JACKSON HOLE, Wyoming (Reuters) - The Federal Reserve could announce a cautious first step in tapering bond purchases at its meeting next month, provided there were no “really worrisome” signs the economy was faltering, a top U.S. central banker said on Saturday.
Atlanta Federal Reserve Bank President Dennis Lockhart told Reuters that recent evidence from the economy had been mixed, and growth forecasts might need to be revised lower, but the underlying recovery remained intact.
“I can get comfortable with September, providing we don’t get any really worrisome signals out of the economy between now and the 18th of September,” said Lockhart, referring to the Fed’s next meeting, which is on September 17-18.
Lockhart - viewed as a centrist and, therefore, a good guide to which way the central bank is leaning - is not a voting member of the Fed’s policy-setting committee this year.
Speaking on the sidelines of the Fed’s annual monetary policy symposium in Jackson Hole, Wyoming, he said the main thing was that no new evidence emerged that undermined his assumptions for a gradual U.S. recovery.
“The data are essentially a way of testing a basic set of assumptions. And I can get comfortable with an initial step in terms of tapering, as long as I am comfortable that we are on that basic flight path for the economy,” he said.
The Fed has said it expects to begin scaling back bond purchases later this year from a monthly $85 billion pace.
Markets think this will start at the next meeting and Lockhart’s comments indicate a fairly high bar, in his mind at least, to delaying a move to later in the year. That said, he explained that nothing was set into stone.
“I don’t think it is a foregone conclusion that it is September. It could be October, or December. That is going to be a committee judgment,” he said, referring to the two other remaining scheduled Fed meetings in 2013.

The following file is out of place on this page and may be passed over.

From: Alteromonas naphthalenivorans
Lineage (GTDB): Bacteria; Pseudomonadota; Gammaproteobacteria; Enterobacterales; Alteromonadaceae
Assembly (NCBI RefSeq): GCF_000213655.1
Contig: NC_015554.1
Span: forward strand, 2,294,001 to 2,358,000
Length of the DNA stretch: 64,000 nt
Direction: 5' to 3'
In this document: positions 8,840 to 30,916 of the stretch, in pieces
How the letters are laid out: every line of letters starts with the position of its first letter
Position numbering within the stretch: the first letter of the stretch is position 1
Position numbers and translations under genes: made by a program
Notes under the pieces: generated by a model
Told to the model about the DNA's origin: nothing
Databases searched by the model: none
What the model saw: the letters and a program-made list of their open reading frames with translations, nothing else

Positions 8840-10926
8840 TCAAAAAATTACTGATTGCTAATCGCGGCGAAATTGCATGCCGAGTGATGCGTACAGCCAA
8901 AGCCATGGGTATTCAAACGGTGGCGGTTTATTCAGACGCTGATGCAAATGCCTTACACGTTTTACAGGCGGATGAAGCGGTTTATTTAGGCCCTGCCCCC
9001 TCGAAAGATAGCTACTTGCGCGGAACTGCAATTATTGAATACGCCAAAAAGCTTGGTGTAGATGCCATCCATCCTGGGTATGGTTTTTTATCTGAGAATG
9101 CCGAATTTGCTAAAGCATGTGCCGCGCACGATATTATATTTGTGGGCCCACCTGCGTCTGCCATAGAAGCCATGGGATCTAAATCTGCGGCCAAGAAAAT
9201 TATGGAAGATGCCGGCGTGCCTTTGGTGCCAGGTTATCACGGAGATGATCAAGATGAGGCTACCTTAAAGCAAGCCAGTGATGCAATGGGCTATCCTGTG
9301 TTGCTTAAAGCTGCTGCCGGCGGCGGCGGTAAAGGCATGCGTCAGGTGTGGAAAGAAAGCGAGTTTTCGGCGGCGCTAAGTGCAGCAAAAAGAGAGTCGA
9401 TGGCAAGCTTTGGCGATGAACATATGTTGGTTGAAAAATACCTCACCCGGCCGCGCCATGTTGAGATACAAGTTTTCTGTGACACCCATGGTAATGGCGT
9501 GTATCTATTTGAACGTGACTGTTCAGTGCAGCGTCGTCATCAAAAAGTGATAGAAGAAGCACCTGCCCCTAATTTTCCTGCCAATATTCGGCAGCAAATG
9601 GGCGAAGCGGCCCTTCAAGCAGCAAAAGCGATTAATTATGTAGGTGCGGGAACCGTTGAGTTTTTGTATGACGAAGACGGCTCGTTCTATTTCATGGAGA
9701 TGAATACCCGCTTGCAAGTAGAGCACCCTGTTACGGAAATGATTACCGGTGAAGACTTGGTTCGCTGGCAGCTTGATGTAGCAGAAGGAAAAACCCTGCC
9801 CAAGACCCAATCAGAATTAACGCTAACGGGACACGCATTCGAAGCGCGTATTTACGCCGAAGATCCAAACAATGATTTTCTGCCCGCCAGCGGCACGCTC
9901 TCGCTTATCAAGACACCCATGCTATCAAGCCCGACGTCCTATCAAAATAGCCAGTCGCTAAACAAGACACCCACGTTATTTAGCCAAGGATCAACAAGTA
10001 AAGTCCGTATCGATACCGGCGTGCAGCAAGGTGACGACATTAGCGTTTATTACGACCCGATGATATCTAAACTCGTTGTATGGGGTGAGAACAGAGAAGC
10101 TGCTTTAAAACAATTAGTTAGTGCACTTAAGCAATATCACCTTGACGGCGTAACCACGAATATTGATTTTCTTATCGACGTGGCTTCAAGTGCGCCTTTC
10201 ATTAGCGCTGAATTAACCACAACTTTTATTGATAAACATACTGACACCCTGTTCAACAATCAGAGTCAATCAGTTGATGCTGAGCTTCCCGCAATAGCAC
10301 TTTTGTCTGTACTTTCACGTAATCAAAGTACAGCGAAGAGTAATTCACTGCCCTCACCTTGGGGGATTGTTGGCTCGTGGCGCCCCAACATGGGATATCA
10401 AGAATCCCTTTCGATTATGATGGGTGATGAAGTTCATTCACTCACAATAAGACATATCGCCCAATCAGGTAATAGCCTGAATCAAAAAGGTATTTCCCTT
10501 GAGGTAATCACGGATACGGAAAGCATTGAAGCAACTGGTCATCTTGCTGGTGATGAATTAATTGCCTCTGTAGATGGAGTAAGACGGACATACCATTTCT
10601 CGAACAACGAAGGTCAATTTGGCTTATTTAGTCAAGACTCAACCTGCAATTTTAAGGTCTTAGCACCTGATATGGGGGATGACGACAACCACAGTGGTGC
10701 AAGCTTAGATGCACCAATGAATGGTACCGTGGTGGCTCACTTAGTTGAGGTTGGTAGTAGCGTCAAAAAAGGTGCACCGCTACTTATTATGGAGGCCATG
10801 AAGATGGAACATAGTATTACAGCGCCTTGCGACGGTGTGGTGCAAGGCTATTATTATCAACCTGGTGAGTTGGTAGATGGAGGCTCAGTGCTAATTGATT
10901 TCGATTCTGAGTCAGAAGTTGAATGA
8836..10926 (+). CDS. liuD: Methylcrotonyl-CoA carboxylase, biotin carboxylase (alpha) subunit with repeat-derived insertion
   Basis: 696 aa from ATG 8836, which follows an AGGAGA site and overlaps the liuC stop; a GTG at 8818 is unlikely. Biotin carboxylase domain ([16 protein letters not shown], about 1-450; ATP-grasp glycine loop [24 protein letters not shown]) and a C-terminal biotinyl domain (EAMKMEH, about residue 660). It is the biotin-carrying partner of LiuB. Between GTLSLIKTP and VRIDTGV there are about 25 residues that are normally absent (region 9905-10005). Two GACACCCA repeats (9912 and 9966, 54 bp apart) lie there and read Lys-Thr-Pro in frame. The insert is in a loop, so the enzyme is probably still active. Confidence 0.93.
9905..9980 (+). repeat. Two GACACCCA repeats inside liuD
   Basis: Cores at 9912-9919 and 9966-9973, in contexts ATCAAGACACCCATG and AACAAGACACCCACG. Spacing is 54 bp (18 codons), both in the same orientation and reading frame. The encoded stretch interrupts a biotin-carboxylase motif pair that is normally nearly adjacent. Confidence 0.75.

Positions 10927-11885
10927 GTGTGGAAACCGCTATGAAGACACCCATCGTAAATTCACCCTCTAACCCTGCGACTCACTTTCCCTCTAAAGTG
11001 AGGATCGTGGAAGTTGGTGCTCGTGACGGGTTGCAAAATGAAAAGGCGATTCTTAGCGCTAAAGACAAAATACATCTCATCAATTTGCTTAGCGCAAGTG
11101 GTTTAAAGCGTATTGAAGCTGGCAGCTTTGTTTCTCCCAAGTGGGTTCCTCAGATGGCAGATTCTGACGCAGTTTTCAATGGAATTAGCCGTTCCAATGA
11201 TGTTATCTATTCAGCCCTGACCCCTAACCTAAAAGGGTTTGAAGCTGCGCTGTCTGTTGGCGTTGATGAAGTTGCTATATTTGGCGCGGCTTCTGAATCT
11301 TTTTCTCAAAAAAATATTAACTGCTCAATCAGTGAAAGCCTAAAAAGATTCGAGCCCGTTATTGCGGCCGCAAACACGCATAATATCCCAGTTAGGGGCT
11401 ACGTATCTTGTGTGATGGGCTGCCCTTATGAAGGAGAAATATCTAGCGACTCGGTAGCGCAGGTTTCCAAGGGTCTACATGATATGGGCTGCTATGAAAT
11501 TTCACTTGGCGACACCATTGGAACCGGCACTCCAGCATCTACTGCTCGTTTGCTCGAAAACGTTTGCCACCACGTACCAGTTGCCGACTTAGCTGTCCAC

The strength of the August payroll report, due September 6, is viewed by economists as vital to the decision, after recent data that has signaled softness in the U.S. housing market.
Lockhart agreed that the August jobs report was the most important piece of information available to policymakers between now and the meeting next month.
A disappointingly tepid 162,000 jobs were created by the U.S. economy in July. He said that the August numbers could confirm if that was a passing dip, or the start of a more lasting period of labor market weakness.
He declined to specify what size of tapering he favored, saying it could be modest in scale, although there might be technical reasons why making a larger reduction made sense.
“I am comfortable with a token to begin, to basically break the ice. I am comfortable with that. But it may be more practical to do more than a token,” he said.
The U.S. central bank has held interest rates near zero since late 2008. It has also tripled the size of its balance sheet to over $3.6 trillion through 3 rounds of massive bond buying, also called quantitative easing, to press down longer term borrowing costs in a bid to spur investment and hiring.
Notwithstanding those efforts, it unleashed violent global financial market volatility when it announced in June that it expected to scale back bond buying later this year.
The subsequent bond market selloff drove up U.S. government bond yields and mortgage rates by over 100 basis points, tightening financial conditions in the United States.
However, Lockhart was not so sure that the news of tapering, when it finally comes, would cause a similar adverse reaction.
“I am prepared to believe it is substantially priced into bond prices,” he said. “So I would not make a prediction with a lot of confidence as to whether, when and if the policy is executed ... whether that would create more tightening.”
Reporting by Alister Bull; editing by Gunna Dickson